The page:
Exercise Trajectories of Women from Entry to a 6-Month Cardiac Rehabilitation Program to One Year after DischargeReport as inadecuate

Exercise Trajectories of Women from Entry to a 6-Month Cardiac Rehabilitation Program to One Year after Discharge - Download this document for free, or read online. Document in PDF available to download.

BioMed Research InternationalVolume 2013 2013, Article ID 121030, 9 pages

Clinical Study

Faculty of Health Sciences, McMaster University, 1280 Main Street West, Hamilton, ON, Canada L8N 3Z5

Hamilton Health Sciences, 237 Barton Street East, Hamilton, ON, Canada L8L 2X2

Dalhousie University, 5790 University Avenue, Halifax, NS, Canada B3H 1V7

Niagara Health System, 155 Ontario Street, 2nd Floor, St. Catherines, ON, Canada L2R 5K3

University of Toronto, 1 King-s College Circle, Room 2370,Toronto, ON, Canada M5S 1A8

Received 24 April 2013; Revised 13 August 2013; Accepted 14 August 2013

Academic Editor: Thomas O. Obisesan

Copyright © 2013 Heather M. Arthur et al. This is an open access article distributed under the Creative Commons Attribution License, which permits unrestricted use, distribution, and reproduction in any medium, provided the original work is properly cited.


Background. Physical activity is associated with reduced mortality and morbidity. Cardiac rehabilitation CR is an effective intervention for patients with cardiovascular disease CVD. Unfortunately, women are less likely to engage in, or sustain, regular physical activity. Objectives were to 1 describe women’s guidelines-based levels of physical activity during and after CR and 2 determine the physical activity trajectories of women from entry to CR to one year after CR. Methods and Results. A prospective, longitudinal study of 203 women with CVD enrolled in a 6-month CR program. Physical activity was measured using the Godin Leisure Time Exercise Questionnaire LSI, focusing on moderate-strenuous activity. Data were analyzed using latent class growth analysis LCGA and logistic regression. Mean scores on the LSI showed women to be “active” at all follow-up points. LCGA revealed a two-class model, respectively, called “inactive relapsers” and “moderately active relapsers.” Predictors of the “moderately active relapsers” class were employment status and diagnosis of myocardial infarction. Conclusions. Women achieved the recommended physical activity levels by the end of CR and sustained them until one year after CR. LCGA allowed us to determine the class trajectories associated with moderate-strenuous activity and, from these, to identify implications for targeted intervention.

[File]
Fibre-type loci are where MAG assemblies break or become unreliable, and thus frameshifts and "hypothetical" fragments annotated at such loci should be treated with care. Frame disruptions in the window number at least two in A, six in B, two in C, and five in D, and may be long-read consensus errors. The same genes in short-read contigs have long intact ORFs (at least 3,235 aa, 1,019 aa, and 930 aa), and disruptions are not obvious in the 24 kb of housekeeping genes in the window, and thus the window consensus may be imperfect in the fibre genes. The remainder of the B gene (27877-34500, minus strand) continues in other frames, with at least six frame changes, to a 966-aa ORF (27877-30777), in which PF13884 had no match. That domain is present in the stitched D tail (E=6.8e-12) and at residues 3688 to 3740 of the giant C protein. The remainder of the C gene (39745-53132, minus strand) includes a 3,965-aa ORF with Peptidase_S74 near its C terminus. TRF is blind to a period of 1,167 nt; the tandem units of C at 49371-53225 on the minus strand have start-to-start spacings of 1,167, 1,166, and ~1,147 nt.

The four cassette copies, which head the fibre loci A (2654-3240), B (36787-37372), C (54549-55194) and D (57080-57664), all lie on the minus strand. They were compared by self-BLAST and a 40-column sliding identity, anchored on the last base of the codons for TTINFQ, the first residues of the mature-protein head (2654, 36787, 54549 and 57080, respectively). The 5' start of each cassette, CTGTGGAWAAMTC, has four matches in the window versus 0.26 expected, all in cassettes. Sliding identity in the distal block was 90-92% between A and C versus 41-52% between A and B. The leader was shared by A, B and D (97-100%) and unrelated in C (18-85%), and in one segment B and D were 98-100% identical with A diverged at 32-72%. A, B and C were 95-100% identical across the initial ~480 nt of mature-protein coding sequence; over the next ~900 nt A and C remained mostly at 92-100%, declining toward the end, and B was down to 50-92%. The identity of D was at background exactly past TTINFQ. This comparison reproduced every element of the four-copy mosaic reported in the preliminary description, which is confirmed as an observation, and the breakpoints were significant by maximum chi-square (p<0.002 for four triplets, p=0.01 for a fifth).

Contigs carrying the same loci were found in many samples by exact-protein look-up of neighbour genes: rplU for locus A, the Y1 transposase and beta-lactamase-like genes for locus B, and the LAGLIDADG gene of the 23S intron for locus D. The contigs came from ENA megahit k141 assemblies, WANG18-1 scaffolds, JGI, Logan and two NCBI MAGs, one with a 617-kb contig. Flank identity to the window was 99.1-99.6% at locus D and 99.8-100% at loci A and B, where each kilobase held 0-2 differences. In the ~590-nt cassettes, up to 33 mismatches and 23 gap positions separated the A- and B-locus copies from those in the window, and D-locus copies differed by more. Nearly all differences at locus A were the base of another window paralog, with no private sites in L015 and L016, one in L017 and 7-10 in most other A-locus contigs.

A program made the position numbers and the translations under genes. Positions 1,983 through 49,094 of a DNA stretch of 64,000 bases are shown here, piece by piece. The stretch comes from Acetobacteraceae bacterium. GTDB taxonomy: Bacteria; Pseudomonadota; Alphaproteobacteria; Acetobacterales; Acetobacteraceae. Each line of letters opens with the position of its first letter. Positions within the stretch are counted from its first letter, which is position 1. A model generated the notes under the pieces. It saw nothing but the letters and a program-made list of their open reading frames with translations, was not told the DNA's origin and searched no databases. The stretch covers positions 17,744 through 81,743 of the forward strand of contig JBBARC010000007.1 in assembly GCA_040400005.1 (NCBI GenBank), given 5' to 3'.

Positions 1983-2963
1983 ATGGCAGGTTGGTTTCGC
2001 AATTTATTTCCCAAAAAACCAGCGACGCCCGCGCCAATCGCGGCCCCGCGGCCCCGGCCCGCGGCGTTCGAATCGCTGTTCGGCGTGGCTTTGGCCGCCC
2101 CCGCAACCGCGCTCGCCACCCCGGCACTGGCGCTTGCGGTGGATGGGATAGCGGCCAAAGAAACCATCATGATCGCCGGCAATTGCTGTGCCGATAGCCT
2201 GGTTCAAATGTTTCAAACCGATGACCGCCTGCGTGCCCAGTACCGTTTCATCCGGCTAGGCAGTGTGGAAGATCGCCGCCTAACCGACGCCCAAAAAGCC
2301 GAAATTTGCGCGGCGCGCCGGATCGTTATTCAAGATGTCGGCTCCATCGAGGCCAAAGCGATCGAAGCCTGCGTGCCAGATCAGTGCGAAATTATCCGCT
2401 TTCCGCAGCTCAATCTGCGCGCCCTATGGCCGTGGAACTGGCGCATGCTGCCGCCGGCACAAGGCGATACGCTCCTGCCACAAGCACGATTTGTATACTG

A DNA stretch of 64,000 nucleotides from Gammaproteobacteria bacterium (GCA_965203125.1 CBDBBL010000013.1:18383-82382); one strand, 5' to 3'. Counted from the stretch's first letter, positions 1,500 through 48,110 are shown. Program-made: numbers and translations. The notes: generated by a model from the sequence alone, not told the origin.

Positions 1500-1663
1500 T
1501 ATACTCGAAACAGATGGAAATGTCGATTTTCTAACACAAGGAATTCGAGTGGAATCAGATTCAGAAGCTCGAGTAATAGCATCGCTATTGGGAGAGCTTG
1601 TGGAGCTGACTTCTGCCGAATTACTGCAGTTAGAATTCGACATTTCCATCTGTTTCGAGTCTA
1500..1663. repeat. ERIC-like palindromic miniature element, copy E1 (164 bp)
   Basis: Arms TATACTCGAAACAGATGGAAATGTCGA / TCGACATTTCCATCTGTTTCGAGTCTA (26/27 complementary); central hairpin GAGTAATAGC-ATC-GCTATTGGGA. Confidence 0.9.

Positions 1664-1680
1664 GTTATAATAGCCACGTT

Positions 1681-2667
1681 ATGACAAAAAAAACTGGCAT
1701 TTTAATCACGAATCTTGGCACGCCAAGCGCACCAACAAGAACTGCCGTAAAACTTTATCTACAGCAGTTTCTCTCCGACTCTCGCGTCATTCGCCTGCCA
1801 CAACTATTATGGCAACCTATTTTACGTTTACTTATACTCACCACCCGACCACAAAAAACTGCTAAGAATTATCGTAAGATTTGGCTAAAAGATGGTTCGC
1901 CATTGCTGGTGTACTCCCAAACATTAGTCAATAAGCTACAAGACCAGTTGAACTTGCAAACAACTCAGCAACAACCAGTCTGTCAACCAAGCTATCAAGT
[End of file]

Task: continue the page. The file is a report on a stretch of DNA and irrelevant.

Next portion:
Author: Heather M. Arthur, Chris Blanchard, Elizabeth Gunn, Jennifer Kodis, Steven Walker, and Brenda Toner

Source: https://www.hindawi.com/


Related documents